War with Mexico was coming.

By 1836, the conflict exploded when the United States Government annexed Texas. Mexico prepared.

In California, the Mexican government, with its new-found independence from Spain and watching the Americans getting ready for war, was suspicious of strangers.  Sonoma was recognized as the unofficial capitol of the state and the center of influence for Alta California. Twelve military garrisons of Mexican soldiers administered the area, and military law was harsh with few individual civil rights.

In the 1840s, settlers were pouring into California, and the fast-growing numbers in California frightened the Mexicans. To more completely cement their hold on the new lands Mexico proclaimed a host of new restrictions and laws on the newest inhabitants.

When the settlers showed signs they wanted independence the Mexican government tried a compromise. The Mexican Constitution of 1824 gave the Americans the right to live on Mexican land if they swore an oath of allegiance to the Republic of Mexico and became Catholic. To sweeten the pot, any American who married a Mexican woman was given 4605 acres of land. Steven Austin was delegated by the Mexican government to enforce the decree.

 With war inevitable, abruptly, on 17 April 1846, General Castro and the Mexican Government ordered all foreigners out of California. It was a demand that could not be ignored. There was no appeal, and they were given forty days to pack up and get out.

Forty-five days later, on the first day of June, General Castro purchased two hundred horses from Vallejo. Captain Fremont, believed this was a sign the horses would be mounted by Mexican Cavalry to drive the Americans out of California by force. He called the settlers to a meeting to plan a revolt. The plan was to capture the horses before the Mexicans could make use of them and force Vallejo to surrender to the Americans.

 The brash Americans, moving quickly, captured the horses and took them to the Fremont camp. Meanwhile, a large party of Americans, who called themselves the ‘Bear Flaggers,’ were gathering. They crossed the hills in the dark of night, coming from all directions to meet in Lake County in the Napa Valley just before noon, on 12 June, at Bale’s Mill near St. Helena.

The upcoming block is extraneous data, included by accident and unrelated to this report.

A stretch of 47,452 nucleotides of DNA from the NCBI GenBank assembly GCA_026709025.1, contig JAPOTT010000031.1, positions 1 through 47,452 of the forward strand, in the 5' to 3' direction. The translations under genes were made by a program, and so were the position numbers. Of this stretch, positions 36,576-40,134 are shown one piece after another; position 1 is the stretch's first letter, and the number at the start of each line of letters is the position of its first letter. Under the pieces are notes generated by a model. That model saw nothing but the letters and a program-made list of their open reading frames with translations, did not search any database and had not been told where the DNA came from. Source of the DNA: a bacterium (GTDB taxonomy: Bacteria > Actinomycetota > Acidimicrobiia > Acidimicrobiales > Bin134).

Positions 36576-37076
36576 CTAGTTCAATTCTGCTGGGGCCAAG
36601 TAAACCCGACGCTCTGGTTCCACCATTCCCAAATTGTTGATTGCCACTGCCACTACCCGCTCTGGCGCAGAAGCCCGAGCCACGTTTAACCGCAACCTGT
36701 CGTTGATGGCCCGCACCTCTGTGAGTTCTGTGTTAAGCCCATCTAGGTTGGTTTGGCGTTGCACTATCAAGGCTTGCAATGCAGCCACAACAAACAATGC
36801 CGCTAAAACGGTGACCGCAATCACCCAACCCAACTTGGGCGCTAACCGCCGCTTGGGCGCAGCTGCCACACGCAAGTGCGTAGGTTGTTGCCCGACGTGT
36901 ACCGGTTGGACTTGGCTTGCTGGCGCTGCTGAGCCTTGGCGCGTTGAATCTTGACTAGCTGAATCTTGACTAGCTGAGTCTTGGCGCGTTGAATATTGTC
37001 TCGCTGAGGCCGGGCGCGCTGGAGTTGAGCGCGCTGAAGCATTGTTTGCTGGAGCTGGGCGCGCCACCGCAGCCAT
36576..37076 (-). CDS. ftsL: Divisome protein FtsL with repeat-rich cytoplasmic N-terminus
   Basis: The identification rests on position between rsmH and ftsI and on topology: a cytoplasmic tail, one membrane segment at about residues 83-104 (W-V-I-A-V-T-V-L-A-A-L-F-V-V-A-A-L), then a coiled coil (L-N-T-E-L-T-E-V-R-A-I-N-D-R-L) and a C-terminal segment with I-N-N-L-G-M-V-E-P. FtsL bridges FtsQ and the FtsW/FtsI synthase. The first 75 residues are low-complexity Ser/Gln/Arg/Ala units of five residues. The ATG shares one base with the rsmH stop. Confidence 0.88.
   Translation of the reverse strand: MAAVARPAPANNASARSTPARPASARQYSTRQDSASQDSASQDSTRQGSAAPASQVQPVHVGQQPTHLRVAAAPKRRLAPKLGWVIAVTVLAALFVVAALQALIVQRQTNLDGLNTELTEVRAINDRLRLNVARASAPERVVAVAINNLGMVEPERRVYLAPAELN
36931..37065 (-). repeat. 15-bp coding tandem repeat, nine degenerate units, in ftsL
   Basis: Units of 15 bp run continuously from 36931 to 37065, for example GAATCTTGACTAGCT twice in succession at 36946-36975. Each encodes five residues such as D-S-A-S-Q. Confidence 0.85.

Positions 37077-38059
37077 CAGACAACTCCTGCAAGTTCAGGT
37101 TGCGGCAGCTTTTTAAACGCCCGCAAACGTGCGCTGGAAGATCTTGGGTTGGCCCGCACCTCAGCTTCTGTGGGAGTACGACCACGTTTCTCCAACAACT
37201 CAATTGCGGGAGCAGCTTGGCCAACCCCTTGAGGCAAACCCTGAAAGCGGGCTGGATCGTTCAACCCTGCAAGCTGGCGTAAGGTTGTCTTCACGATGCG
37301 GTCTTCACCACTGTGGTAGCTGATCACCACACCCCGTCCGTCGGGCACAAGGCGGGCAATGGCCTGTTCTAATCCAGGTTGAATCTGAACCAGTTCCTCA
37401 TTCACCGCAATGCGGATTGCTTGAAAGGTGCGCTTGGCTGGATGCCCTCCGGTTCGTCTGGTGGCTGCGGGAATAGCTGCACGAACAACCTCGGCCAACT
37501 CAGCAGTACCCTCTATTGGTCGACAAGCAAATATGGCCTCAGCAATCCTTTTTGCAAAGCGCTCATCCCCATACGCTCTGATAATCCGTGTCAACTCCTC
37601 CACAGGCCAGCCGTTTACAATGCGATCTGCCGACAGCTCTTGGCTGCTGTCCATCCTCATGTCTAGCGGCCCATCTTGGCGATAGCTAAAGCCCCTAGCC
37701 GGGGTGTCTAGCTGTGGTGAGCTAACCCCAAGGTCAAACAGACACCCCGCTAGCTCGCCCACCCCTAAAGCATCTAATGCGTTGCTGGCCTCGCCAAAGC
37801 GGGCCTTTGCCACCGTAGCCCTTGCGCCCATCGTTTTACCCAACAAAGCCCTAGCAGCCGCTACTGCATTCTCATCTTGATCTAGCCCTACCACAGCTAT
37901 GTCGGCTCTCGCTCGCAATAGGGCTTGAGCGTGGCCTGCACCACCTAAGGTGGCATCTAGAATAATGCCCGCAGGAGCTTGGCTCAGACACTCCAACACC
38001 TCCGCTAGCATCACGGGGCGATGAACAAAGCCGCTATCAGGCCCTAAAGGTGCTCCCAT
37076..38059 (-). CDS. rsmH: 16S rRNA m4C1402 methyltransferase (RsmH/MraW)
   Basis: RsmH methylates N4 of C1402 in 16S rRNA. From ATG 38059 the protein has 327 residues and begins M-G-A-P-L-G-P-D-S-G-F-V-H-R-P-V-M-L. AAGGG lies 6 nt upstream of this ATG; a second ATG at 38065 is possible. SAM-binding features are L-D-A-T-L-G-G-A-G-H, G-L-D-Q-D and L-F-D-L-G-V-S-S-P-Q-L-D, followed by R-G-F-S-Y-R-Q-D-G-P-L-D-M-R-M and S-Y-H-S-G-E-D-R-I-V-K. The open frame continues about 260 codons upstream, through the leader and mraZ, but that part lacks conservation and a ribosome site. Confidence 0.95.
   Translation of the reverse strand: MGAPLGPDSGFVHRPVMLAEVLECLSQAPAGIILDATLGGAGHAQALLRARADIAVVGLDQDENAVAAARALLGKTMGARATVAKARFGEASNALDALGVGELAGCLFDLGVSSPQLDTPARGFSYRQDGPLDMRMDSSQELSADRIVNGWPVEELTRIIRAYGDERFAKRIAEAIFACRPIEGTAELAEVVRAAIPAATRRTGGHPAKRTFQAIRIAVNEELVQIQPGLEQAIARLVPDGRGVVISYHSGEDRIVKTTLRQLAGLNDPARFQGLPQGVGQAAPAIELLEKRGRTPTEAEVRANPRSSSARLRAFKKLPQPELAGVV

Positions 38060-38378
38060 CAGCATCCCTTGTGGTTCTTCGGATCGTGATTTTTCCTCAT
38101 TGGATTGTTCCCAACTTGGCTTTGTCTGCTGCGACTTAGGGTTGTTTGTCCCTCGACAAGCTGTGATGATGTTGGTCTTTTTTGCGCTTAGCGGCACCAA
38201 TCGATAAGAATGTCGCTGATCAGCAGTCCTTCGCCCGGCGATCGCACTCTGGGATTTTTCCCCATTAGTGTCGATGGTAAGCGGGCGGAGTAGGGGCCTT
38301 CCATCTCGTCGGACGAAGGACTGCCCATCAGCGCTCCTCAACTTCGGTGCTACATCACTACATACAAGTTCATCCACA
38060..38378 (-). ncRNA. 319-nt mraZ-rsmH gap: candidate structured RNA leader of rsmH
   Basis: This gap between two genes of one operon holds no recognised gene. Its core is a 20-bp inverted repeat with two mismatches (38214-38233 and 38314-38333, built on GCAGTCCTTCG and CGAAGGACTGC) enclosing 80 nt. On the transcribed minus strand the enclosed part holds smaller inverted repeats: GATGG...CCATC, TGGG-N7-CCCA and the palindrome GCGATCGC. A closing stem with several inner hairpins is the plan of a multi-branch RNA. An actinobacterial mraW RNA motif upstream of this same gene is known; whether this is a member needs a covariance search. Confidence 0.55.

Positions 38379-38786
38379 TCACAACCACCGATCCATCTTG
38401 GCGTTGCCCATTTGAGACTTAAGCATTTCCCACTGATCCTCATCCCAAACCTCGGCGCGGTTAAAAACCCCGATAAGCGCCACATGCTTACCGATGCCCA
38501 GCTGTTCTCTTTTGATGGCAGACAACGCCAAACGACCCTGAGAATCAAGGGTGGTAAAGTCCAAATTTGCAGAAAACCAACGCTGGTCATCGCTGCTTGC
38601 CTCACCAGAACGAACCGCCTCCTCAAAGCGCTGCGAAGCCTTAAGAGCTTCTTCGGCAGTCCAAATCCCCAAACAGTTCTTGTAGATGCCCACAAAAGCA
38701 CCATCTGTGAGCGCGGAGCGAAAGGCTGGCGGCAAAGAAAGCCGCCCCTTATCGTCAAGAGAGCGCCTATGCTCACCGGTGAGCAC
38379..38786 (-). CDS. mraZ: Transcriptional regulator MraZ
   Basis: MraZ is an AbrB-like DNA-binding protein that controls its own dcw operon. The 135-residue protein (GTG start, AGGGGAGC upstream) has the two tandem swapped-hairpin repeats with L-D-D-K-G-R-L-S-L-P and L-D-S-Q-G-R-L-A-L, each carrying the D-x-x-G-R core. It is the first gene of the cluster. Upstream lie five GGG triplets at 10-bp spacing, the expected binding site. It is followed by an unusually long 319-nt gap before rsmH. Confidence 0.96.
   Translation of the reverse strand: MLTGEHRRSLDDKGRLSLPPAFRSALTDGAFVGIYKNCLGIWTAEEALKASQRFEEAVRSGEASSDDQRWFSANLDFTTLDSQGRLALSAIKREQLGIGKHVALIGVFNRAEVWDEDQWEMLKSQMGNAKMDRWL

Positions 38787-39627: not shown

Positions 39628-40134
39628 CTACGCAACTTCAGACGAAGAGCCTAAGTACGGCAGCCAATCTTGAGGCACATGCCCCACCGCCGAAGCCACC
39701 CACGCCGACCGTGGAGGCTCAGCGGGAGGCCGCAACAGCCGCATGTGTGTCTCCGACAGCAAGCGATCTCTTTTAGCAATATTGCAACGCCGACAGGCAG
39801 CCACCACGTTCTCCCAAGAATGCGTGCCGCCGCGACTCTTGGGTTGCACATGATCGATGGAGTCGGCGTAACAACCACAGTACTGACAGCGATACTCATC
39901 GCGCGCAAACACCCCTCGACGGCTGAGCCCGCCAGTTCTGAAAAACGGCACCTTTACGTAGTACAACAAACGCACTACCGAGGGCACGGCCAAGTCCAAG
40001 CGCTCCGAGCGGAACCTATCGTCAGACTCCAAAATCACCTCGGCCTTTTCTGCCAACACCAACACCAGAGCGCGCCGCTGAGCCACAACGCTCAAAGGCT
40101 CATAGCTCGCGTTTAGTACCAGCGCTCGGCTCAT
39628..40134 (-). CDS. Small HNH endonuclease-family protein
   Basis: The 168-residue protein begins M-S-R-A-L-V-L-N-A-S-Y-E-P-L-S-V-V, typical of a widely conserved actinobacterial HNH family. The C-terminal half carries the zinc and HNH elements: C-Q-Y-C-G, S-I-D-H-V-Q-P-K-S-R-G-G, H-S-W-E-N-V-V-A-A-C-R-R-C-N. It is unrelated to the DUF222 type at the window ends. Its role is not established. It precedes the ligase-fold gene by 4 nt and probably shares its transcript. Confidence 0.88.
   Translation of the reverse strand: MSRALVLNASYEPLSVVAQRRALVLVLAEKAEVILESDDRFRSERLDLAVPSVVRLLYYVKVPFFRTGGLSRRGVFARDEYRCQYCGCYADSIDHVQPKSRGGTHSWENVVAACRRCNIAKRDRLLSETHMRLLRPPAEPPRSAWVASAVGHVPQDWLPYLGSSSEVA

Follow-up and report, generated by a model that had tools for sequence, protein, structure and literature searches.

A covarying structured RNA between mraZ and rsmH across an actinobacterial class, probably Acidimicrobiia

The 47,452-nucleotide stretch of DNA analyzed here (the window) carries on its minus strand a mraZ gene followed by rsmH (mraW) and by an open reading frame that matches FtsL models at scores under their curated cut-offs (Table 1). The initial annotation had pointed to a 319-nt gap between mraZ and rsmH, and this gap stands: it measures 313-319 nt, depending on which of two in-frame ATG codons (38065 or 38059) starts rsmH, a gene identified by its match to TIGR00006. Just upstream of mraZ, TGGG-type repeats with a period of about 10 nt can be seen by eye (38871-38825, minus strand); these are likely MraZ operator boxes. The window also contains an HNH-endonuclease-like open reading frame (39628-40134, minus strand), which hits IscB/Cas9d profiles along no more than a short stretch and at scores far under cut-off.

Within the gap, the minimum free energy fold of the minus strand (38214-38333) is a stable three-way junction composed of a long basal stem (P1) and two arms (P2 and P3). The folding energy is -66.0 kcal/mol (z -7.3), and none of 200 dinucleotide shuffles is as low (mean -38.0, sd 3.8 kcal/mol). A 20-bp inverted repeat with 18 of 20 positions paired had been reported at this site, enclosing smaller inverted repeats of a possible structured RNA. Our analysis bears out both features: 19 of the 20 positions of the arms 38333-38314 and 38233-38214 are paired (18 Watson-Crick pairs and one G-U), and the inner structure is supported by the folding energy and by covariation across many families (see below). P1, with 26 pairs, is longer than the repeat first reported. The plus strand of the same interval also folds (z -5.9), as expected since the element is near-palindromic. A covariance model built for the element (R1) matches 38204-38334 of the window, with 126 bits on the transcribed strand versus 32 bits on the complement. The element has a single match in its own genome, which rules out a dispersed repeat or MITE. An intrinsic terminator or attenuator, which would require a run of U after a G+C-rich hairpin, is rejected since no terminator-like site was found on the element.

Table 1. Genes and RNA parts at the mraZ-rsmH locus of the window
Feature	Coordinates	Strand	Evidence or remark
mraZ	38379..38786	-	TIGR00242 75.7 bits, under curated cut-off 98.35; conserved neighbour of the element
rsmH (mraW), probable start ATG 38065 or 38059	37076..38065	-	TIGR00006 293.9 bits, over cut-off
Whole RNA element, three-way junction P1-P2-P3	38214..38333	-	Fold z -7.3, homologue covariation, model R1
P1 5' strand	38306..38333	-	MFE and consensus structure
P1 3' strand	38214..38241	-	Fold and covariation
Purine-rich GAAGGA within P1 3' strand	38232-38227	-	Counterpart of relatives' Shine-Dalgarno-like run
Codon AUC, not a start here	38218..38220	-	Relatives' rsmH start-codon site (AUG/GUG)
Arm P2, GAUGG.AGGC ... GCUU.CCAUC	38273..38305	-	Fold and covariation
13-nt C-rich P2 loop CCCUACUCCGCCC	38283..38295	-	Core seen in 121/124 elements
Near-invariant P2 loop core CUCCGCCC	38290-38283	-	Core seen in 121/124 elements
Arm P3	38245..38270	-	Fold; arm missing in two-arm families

At midnight they left in a party, galloping on their way over the hills and dirt roads, to Sonoma, the Mexican headquarters in that part of California. With no hesitation or delay, hoping for surprise, the leaders rode to Vallejo’s home and woke him up to draw up the terms of surrender. Vallejo’s surrender was the opening gun on the fighting to follow.

For the next three months, until March of 1847, the United States sent more expeditions into California and New Mexico. The flag was hoisted at San Francisco and Santa Fe, and the Mexican Pacific seaports were blockaded. Soon after, the American Army, with forces already in California, took possession of Sonoma and Upper California. Within months, by the following year of 1848, American forces advanced on Mexico City and all of California became a part of the United States.

The war with Mexico was an elaborate confidence game purposely started by politicians in Congress to add new territory to the United States. Many of the men, who fought in the Mexican-American battles, men such as Robert E. Lee and Ulysses S. Grant, expressed in their letters a horror of the trumped-up reasons for that war.

Grant wrote later, ‘Nations, like individuals, are punished for their transgressions: we got our punishment in the most sanguinary and expensive war of modern times. I should have resigned, but I had not the moral courage.’

He was not alone. Col. Ethan Allen Hitchcock, commander of the 3rd Infantry Regiment, wrote in his diary about the war with Mexico, ‘I have said from the first that the United States is the aggressors… We have not one particle of right to be here… It looks as if the government sent a small force on purpose to bring on a war, so to have a pretext for taking California and as much of this country as it chooses. Whatever becomes of this army, there is no doubt of a war between the United States and Mexico… My heart is not in this business… As a military man, I am bound to execute orders.’

            Next Week: War with Mexico.

                Lake County History. $32. (includes. Tax & Shipping)

                Pal Publishing, PO Box 6, Upper Lake, Ca 95485

                e-mail: genepaleno@gmail.com

                Website: genepaleno.com

Gene Paleno

Gene runs his life at a full sprint. In his ninety-three years he's dug ditches, painted signs, played semi-pro football, worked as a taxicab driver, an insurance agent, and a school teacher. He's been a technical artist, a marketing director, and a business owner. He served in World War II, raised four children, and was married to the love of his life for fifty years. He's an accomplished oil painter and skilled in ceramics. He's written fifteen books, including the definitive Lake County History, and doesn't show any signs of slowing down.

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